Why SCIM Matters

Since 2015, SCIM has been an Internet Engineering Task Force standard — specifically RFC 7644. An open REST API based on JSON and XML, the standard automates the exchange of user identity information between IT systems by providing a common user schema, an extension model and a service protocol. In essence, SCIM was created as a powerful way to standardize — and therefore simplify — how identity data is exchanged between partners and systems.

Why is SCIM so important? As it stands, without a standard connection method, companies must write custom software connectors to join their applications/systems and their IAM systems. And with today’s large organizations having up to thousands of hosted applications, related servers, databases and file shares requiring user provisioning, this can equate to hundreds of hours of repetitive work.

With SCIM-enabled systems, organizations can easily interoperate between various cloud solutions using a single connector type — ultimately allowing these diverse systems to speak the same language. That’s a significant cost and time savings from a services perspective for any customer plus it’s a reduction in the complexity of your IAM system having to deal with one connector type versus multiple connectors.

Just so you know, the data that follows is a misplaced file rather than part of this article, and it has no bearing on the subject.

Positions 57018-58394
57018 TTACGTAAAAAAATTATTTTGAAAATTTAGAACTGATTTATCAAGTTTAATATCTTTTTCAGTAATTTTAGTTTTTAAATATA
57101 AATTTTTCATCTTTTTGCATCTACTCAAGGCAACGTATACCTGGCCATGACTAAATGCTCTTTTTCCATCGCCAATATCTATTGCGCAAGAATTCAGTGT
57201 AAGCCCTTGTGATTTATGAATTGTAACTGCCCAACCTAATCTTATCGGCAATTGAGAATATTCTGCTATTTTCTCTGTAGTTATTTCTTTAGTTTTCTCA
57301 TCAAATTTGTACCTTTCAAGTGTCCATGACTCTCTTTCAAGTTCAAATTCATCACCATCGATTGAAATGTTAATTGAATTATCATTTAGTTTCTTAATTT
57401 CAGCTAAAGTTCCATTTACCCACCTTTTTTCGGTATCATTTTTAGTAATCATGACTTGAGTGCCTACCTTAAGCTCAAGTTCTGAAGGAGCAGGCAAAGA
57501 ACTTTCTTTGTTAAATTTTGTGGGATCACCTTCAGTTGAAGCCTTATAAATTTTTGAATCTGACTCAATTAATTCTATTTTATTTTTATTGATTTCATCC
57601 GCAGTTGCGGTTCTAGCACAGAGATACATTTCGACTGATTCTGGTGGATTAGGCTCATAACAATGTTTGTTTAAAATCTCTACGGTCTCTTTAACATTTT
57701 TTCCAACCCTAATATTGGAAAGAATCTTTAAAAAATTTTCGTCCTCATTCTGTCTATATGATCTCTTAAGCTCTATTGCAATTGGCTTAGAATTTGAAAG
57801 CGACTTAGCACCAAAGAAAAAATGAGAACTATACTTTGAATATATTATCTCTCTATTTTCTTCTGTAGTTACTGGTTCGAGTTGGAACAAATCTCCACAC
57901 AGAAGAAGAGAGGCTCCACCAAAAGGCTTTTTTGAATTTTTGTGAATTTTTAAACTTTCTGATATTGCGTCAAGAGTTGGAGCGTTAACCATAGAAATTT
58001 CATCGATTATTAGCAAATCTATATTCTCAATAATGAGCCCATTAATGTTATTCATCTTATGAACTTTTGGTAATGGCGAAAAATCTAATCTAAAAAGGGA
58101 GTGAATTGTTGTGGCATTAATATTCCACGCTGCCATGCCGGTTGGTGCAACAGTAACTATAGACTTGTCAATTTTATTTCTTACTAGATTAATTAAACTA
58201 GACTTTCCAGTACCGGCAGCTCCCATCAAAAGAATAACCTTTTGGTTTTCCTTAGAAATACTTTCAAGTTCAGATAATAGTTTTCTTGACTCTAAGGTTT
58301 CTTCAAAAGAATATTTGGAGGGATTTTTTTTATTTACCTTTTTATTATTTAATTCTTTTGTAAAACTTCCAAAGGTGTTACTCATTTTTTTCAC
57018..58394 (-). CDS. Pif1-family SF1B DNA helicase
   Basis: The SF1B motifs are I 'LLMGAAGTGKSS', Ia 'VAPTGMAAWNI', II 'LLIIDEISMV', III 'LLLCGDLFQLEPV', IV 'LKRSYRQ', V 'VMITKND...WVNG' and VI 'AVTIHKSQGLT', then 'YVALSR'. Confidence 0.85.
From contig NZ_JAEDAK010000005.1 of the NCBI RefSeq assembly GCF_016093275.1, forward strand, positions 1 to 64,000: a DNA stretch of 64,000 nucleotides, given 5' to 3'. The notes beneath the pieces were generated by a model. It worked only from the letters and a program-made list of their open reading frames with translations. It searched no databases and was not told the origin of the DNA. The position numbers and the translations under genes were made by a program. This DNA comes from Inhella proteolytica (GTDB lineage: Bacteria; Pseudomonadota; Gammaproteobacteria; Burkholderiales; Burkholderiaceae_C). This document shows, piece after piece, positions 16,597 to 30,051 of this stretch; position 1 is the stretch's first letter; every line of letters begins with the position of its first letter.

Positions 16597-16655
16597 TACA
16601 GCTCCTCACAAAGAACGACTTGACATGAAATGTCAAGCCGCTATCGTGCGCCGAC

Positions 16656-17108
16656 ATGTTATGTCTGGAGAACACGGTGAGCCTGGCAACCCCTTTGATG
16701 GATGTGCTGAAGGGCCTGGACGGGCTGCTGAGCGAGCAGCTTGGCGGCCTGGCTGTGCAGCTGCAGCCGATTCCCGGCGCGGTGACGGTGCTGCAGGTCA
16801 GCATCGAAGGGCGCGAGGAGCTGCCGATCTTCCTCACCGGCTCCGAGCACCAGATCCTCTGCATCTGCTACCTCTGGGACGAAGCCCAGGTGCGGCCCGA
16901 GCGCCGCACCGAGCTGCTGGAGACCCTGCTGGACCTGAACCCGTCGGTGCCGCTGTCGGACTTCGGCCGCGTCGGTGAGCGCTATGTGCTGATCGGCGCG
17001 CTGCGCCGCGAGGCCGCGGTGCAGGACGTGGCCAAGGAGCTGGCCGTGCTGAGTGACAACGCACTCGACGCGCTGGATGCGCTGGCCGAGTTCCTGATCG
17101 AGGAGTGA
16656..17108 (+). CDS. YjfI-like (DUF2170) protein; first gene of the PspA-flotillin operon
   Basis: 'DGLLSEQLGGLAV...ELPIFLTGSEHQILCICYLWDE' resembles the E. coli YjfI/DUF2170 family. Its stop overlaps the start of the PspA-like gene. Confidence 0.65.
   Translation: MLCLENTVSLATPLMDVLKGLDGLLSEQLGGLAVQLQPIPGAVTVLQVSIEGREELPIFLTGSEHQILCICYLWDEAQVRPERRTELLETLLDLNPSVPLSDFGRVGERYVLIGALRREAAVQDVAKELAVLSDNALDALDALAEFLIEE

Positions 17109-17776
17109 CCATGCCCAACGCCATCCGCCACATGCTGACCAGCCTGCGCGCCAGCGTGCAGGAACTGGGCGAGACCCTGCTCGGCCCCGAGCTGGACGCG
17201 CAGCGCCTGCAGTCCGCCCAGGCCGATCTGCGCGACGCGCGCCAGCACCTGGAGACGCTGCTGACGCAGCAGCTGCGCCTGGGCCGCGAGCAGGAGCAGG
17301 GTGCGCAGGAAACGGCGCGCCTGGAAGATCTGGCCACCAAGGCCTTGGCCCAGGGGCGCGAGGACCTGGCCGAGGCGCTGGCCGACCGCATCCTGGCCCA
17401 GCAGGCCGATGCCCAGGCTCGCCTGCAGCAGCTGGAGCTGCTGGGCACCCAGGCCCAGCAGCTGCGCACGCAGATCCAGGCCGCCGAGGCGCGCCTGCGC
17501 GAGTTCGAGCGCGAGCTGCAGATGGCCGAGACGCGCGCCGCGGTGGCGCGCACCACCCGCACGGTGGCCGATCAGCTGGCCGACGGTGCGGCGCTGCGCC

Some use cases illustrating the power of SCIM: If an employee leaves your company, SCIM can be used to automatically delete accounts for that user in external systems in one swift click — rather than having to individually deprovision all of that user’s accounts in each application: Google Apps for Work, Salesforce, Slack, Office 365, the list goes on.

Another example: If you decide to switch vendors for your CRM system and it’s using SCIM, data in the old system can be migrated over to new system once connected via SCIM, easily. Without SCIM, all that data could otherwise be locked into a system’s proprietary identity store, making migrating that data difficult, if not impossible.

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Therefore, the potential of SCIM to impact the digital economy is vast. With the ability to connect infrastructure speaking the common language of SCIM to each other without painstaking custom coding, IT teams can secure and synchronize data and identities better and faster while focusing their efforts on what matters: digital transformation and innovation. As a result, companies can achieve greater time and cost savings, faster.

Putting Differences to REST

With the explosion of cloud-based systems happening all around us, it is becoming increasingly critical that we can easily support and integrate these systems within our identity solutions. SCIM is the answer to this — allowing us to turn identity management into a universal platform, rather than a cumbersome step in cloud adoption.